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What are the three lines of defence* in an organization? What is the role of Compliance in these lines?

By: Ernesto Gómez Gallardo A.

 

Continuing with the idea of previous posts, trying to paint a clearer picture of the Compliance notion for organizations, I believe it is important to refer to the concept of the “Three Lines of Defence” that is widely used when talking about internal controls, risk mitigation, etc. Essential elements in the purpose of a Compliance program.

The three lines of defence are a risk management model that organizations use, above all to understand the role that each participant must play in addressing vulnerabilities and materializing risks. This model has been increasingly adopted by many companies to understand how to function more safely.

When I hear this “three lines of defence ” I immediately think of a football (soccer) context and imagine a manager explaining to the team what needs to be done to prevent the opponent from converting a goal against us. I don’t know if it’s because of my love of sport, but I think the analogy works pretty well to explain it.

 

  • The first line of defence is the attack. The first ones who by their role face the opponent (the risks or problems in this analogy) are the, the forwards. By them I mean those who score to profit in their essential function, i.e. those in charge of “the business”. People who are directly involved with generating revenue or managing the purpose of the organization are the first to have contact with customers, suppliers, and other third parties and therefore those who, in addition to their core functions, must assume the activities of trying not to incur in unnecessary risks.
  • The second line of defence is the mid-field. Those who carry out support functions in the team, specialists in their field and those who must know well of all the positions to be able to support what is needed. This line identifies emerging risks. In the organization, these activities are carried out by business partners, sometimes referred to as functional areas. As examples: the legal department, finance, human resources, risk management, etc. If there is a Compliance department in the organization or otherwise compliance’s functions belong to this second line.
  • The third line has the specific function of defending. They are specialists and -worth the redundancy- they would be the defenders. The third line must provide assurance for the organization and dedicate themselves to annulling the risks it faces, both preventively and reactively. This role within the organization is played by the internal audit area. They should review the first and second line and ensure that they are effective in their processes. They are the ones who must assure the manager (in this analogy the Board of Directors and/or the audit committee) of any lack of control or failures in the management of the business.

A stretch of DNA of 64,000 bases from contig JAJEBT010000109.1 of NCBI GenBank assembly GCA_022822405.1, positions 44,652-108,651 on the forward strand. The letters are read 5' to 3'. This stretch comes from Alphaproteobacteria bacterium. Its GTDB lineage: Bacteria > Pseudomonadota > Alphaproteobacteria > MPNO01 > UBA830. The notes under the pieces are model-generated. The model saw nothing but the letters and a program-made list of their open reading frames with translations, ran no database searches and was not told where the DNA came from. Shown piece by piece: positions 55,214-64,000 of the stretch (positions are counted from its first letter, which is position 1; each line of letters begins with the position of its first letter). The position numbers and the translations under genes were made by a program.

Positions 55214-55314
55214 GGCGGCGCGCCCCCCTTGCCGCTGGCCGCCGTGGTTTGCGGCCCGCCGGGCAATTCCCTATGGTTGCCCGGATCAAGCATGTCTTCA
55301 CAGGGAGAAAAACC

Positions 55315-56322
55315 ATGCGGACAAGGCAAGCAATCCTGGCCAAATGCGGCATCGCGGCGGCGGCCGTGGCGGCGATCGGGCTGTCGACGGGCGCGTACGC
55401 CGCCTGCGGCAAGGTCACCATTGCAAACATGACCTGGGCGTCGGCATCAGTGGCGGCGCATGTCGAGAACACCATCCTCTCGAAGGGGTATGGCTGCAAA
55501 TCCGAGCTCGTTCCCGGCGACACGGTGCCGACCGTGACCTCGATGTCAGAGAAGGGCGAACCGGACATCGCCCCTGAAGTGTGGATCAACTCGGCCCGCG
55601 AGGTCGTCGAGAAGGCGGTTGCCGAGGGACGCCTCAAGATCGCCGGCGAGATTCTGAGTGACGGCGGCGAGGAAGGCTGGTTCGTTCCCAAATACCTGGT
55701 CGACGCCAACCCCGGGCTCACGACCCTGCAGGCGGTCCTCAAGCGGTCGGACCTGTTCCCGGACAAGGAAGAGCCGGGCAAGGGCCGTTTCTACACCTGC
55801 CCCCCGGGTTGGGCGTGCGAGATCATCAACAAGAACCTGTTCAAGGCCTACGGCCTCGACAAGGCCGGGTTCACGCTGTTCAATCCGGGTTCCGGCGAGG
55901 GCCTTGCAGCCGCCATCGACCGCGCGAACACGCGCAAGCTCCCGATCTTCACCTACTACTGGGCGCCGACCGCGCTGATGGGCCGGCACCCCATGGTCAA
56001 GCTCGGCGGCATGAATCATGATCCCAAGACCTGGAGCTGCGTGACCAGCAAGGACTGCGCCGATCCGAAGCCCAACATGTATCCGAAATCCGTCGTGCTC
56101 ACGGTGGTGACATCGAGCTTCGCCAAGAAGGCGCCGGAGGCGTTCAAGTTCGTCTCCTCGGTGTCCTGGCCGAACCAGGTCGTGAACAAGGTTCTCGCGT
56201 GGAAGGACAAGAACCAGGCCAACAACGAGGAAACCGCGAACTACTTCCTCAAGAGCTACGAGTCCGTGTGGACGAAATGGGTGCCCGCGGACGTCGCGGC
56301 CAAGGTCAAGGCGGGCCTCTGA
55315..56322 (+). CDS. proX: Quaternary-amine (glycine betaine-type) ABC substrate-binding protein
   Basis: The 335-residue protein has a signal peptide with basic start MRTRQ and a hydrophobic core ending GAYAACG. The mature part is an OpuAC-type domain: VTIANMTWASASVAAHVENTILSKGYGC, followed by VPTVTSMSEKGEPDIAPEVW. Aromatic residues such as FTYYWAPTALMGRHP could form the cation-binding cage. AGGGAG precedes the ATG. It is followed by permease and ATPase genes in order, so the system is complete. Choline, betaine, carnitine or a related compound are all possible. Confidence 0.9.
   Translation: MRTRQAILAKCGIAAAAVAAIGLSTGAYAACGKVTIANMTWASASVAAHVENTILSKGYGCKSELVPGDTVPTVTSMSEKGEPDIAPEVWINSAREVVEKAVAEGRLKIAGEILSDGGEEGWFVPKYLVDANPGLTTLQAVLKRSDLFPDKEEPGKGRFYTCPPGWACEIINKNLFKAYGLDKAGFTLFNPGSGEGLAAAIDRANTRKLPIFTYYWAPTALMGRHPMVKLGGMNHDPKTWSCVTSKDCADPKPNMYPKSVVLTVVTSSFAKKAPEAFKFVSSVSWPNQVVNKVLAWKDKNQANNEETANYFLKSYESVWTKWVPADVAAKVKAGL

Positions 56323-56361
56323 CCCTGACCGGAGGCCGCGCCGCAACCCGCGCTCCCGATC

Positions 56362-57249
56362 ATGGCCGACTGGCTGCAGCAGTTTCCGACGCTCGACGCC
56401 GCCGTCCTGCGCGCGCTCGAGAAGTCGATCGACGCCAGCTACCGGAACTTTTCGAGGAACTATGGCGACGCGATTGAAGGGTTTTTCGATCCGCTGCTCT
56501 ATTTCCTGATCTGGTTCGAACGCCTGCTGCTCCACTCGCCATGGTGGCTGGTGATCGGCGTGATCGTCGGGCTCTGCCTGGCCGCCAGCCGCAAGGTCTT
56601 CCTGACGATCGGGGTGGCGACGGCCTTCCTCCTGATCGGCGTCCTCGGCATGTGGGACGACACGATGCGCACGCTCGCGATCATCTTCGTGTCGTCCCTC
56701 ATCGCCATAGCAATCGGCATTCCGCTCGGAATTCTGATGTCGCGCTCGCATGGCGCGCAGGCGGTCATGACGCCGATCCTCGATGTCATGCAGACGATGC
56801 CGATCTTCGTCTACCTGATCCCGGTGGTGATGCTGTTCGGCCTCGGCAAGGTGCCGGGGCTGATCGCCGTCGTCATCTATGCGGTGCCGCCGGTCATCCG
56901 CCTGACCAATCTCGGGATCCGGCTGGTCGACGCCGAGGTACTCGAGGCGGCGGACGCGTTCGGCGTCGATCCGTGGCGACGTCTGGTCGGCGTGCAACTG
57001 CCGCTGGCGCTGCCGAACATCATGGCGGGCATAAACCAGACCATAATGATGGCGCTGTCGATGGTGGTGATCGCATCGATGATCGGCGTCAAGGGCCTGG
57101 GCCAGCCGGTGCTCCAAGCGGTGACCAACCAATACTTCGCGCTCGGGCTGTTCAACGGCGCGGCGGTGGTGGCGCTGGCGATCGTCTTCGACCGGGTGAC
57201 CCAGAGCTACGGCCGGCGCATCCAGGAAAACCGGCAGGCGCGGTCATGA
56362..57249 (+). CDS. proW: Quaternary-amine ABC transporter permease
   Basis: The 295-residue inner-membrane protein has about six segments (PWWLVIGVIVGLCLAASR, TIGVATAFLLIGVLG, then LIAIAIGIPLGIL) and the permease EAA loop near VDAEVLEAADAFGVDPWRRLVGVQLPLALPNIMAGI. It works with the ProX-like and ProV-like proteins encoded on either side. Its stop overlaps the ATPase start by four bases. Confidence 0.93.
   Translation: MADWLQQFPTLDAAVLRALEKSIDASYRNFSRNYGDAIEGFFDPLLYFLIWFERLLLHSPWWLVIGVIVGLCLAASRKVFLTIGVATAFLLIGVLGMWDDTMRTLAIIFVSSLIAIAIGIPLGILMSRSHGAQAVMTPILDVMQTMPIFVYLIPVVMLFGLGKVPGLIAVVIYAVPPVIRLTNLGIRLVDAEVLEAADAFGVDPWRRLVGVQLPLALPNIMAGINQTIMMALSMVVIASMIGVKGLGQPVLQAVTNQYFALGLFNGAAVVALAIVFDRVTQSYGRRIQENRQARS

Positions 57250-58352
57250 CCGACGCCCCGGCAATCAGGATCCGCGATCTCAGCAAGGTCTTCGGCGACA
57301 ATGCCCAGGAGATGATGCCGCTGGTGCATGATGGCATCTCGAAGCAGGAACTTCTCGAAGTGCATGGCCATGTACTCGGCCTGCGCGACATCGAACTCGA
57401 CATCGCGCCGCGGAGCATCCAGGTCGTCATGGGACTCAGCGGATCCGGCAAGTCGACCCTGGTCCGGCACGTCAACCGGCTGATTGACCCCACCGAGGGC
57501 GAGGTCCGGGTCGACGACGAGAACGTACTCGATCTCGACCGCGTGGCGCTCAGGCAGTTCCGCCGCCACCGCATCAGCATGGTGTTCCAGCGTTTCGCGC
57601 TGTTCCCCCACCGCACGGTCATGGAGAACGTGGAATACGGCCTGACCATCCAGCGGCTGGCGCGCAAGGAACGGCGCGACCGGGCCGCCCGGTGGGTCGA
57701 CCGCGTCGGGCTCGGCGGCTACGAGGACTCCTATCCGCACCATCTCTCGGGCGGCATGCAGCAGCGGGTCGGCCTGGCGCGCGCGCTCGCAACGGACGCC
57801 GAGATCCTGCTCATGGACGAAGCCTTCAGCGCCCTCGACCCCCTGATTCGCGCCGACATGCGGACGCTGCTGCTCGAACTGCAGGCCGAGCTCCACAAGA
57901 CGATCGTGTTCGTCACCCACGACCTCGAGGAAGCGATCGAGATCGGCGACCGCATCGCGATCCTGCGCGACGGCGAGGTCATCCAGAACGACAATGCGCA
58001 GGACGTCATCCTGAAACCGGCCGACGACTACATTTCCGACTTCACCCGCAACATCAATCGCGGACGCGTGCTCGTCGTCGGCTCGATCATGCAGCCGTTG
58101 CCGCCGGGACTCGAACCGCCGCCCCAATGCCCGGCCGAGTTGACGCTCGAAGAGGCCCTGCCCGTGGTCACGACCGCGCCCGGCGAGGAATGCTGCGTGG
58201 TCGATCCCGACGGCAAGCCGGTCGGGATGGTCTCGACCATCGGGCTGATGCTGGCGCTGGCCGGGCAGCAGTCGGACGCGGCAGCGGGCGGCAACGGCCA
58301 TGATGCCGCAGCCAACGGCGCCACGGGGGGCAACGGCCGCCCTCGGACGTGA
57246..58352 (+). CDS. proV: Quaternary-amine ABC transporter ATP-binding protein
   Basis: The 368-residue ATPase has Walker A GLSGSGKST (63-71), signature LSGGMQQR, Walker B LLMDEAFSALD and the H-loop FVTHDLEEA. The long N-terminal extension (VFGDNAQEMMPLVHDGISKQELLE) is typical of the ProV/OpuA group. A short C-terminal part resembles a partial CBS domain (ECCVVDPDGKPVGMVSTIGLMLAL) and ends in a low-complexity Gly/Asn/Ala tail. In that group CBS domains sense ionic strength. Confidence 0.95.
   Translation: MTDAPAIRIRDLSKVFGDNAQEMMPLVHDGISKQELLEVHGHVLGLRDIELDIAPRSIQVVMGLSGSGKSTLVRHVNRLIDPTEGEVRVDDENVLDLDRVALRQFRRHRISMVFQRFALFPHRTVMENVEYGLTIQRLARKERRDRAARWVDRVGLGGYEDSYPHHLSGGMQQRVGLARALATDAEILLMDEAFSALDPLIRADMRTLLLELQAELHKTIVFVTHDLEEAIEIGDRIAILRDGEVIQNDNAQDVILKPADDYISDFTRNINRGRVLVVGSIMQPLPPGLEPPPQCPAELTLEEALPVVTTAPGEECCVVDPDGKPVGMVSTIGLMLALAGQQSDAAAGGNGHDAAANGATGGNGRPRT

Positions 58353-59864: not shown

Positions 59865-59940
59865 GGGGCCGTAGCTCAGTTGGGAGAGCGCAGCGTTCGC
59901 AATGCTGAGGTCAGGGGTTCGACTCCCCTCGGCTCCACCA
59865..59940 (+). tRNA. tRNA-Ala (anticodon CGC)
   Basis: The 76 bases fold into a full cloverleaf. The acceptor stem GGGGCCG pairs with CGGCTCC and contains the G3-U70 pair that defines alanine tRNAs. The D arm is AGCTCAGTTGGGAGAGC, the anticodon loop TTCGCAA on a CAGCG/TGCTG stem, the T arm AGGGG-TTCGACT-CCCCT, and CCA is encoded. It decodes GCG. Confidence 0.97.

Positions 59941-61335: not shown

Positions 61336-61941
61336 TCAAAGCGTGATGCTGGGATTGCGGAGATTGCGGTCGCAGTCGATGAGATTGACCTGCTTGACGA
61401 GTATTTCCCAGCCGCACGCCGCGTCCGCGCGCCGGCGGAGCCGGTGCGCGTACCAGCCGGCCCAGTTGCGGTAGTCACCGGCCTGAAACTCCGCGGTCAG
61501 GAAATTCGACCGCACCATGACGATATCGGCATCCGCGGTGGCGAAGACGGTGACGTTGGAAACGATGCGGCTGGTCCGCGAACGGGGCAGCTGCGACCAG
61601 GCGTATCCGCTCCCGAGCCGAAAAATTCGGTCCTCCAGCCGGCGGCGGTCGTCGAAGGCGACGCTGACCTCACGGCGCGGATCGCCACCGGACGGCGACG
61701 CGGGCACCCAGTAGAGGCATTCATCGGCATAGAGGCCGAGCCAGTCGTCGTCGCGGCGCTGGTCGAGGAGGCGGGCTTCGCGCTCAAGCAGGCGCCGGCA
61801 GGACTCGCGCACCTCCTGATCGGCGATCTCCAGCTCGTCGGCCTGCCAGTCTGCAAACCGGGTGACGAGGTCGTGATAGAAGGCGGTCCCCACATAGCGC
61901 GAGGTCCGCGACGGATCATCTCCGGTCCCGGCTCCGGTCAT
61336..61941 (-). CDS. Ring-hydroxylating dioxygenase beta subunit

Understanding where we are located, by the nature of our role, helps us in our daily activities, to be aware of the risk that the organization is taking and how I can help identify those and prevent a problem from materializing.

As far as Compliance is concerned, as mentioned earlier, this function belongs in the second line. It should support the business on the go, listen to the business partners’ concerns and on that basis advise on developing the right policies and review that these are being fulfilled by everyone on the team.

We should consider who the most active Compliance partners should be in the performance of its role. From the start we might think that our peers on the second line… Legal is certainly important for the interpretation of laws and regulations. It could also be said that it would be internal audit as they rely on policies and monitoring to review that things had actually been carried out in the order that was planned. But the way I see it, the most important partner for the Compliance function is the business. If the business does not own the culture of complying with internal and external regulation, the other lines will be of very little use.

At Miranda Compliance, our way of understanding this is not to have a police-like Compliance, but a culture of compliance being impregnated in the spirit of the organization. We’ll be happy to help you do it in your company.

*The word “Defence” is spelled this way in British English, ”Defense” in American English.

C O N T A C T

Miranda – Compliance

Karla Valdés Posada

Partner

karla.valdes@miranda-partners.com

 

Ernesto Gómez Gallardo

Partner

ernesto.gomez@miranda-partners.com  

 

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